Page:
Hello reader. Please forgive me that this post is a bit later, and also a bit longer than normal. But if you are reading these words you must like what I share. So please enjoy another tale of Mr. Gurdjieff, told by one of his pupils:
Mr. Gurdjieff would not allow anyone to say he acted from kindness, yet it seemed obvious to us that he did. I frequently asked myself what the motives were behind his often unexpected actions. Did they originate from kindness, sympathy, or was there some other inner imperative?
Certainly, his motive was not of kindness in the usual sentimental sense of the word. This was especially true in relation to his pupils. No, if it was kindness, it was real kindness that originated elsewhere. the source of his actions, words, and outlook on everything could only be described as something called love. It was not a personal feeling for another, but rather one that came from somewhere else. And this included his relations with his pupils. In other words, it was an opening to a sense of the sacred that he shared with others. This was quite distinct from his legendary generosity, his kindness in the ordinary sense of the term, of which we caught comical and unforgettable glimpses nearly every day.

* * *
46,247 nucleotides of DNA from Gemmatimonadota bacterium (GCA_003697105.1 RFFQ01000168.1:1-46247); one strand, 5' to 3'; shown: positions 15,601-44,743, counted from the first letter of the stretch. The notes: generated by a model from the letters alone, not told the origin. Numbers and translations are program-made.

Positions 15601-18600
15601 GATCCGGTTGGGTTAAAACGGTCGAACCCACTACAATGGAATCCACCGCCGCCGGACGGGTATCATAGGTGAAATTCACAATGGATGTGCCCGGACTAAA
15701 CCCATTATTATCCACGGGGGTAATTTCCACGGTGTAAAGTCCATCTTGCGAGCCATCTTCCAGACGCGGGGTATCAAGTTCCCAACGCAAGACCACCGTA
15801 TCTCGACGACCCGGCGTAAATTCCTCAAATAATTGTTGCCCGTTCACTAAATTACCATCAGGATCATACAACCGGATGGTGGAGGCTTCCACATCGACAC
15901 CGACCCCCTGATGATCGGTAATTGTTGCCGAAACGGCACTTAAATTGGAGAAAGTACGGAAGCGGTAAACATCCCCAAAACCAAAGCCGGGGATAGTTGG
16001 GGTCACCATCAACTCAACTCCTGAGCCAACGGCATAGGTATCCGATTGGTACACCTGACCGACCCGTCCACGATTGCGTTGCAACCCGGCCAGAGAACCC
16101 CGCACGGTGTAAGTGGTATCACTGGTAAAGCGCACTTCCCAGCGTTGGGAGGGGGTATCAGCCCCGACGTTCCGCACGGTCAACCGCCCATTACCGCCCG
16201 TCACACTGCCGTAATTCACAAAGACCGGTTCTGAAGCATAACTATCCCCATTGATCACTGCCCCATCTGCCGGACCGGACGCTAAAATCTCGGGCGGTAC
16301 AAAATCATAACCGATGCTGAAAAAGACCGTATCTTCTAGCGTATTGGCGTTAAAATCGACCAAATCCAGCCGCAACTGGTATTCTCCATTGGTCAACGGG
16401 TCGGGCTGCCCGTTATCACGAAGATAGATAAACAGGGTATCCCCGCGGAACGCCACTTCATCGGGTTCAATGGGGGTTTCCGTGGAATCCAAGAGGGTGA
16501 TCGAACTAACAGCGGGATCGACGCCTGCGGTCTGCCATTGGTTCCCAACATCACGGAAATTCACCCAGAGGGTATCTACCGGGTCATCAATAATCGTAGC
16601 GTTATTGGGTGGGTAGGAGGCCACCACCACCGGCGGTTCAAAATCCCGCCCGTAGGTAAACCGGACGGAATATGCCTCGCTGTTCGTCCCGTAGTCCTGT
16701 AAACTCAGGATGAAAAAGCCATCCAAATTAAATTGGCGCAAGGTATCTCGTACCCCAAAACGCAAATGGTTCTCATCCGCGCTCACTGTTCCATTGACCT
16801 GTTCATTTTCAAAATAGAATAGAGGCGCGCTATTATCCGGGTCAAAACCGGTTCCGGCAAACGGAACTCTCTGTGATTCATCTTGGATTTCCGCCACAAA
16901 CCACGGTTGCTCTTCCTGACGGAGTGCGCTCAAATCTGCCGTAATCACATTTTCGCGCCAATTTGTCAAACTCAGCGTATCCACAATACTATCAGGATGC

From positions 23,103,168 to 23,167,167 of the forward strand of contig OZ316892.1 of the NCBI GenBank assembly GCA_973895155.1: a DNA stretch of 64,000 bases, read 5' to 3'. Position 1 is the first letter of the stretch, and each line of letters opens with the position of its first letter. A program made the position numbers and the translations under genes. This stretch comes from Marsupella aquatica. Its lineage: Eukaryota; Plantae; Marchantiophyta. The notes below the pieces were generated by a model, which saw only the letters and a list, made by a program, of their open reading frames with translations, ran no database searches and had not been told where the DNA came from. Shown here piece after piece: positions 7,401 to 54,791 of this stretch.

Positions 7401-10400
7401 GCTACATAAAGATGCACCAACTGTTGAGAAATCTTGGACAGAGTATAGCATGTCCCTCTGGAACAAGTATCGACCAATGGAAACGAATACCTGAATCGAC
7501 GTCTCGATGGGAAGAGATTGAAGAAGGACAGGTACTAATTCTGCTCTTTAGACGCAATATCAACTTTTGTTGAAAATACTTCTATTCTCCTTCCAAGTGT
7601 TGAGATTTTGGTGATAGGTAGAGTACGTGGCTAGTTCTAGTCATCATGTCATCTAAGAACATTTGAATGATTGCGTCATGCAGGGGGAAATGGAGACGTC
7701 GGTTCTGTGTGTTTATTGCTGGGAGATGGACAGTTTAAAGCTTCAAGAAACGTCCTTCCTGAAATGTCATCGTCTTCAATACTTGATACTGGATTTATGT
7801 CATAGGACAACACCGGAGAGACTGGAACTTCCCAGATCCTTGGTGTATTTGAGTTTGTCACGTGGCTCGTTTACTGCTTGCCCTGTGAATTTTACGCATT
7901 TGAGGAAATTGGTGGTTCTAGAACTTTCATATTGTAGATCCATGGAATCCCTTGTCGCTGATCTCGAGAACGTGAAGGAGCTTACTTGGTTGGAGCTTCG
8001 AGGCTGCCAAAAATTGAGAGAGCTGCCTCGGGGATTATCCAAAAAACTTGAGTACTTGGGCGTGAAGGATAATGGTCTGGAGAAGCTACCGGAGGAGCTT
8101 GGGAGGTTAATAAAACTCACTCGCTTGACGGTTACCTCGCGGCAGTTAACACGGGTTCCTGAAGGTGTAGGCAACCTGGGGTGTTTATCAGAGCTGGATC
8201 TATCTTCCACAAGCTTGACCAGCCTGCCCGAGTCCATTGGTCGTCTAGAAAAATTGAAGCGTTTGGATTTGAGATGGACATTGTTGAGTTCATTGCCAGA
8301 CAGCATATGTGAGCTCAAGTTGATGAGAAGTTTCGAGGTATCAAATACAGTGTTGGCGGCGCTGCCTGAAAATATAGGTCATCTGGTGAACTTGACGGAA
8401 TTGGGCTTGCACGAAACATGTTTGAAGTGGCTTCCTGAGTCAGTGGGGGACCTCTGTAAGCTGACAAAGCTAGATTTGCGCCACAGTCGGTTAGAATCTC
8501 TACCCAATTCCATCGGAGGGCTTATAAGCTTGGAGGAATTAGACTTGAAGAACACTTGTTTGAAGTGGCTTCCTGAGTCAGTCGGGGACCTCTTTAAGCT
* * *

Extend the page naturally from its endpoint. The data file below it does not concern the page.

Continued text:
Since I was often with him at different times of the day, I saw in an intimate way aspects of his life that most of his pupils, who only attended the evening groups, never knew about. I have often spoken of his kindness toward me, but now I want to recall some events I chanced to witness.
Mr. Gurdjieff often did his own shopping when he took his morning stroll. As soon as he returned, he started working in the kitchen. During this time, he would not receive any of his pupils, and the door opening to the main staircase remained closed.
It was quite another story, however, at the back staircase. One had to see it to believe it: from the bottom of the stairs to the top, there was a long procession of beggars, parasites, and the like. One had his bowl, another his tim plate, still another an old pot, all coming solemnly to receive a full ration of soup accompanied by some kind words. Mr. Gurdjieff himself served from enormous cooking pots while asking after the health of everyone, not forgetting those who could not come because of illness. When he found out that someone was sick, he would say, “Well, now let’s give him something special!” and, according to the latest information he received about him, he would fill the container with some dish or other that he had prepared.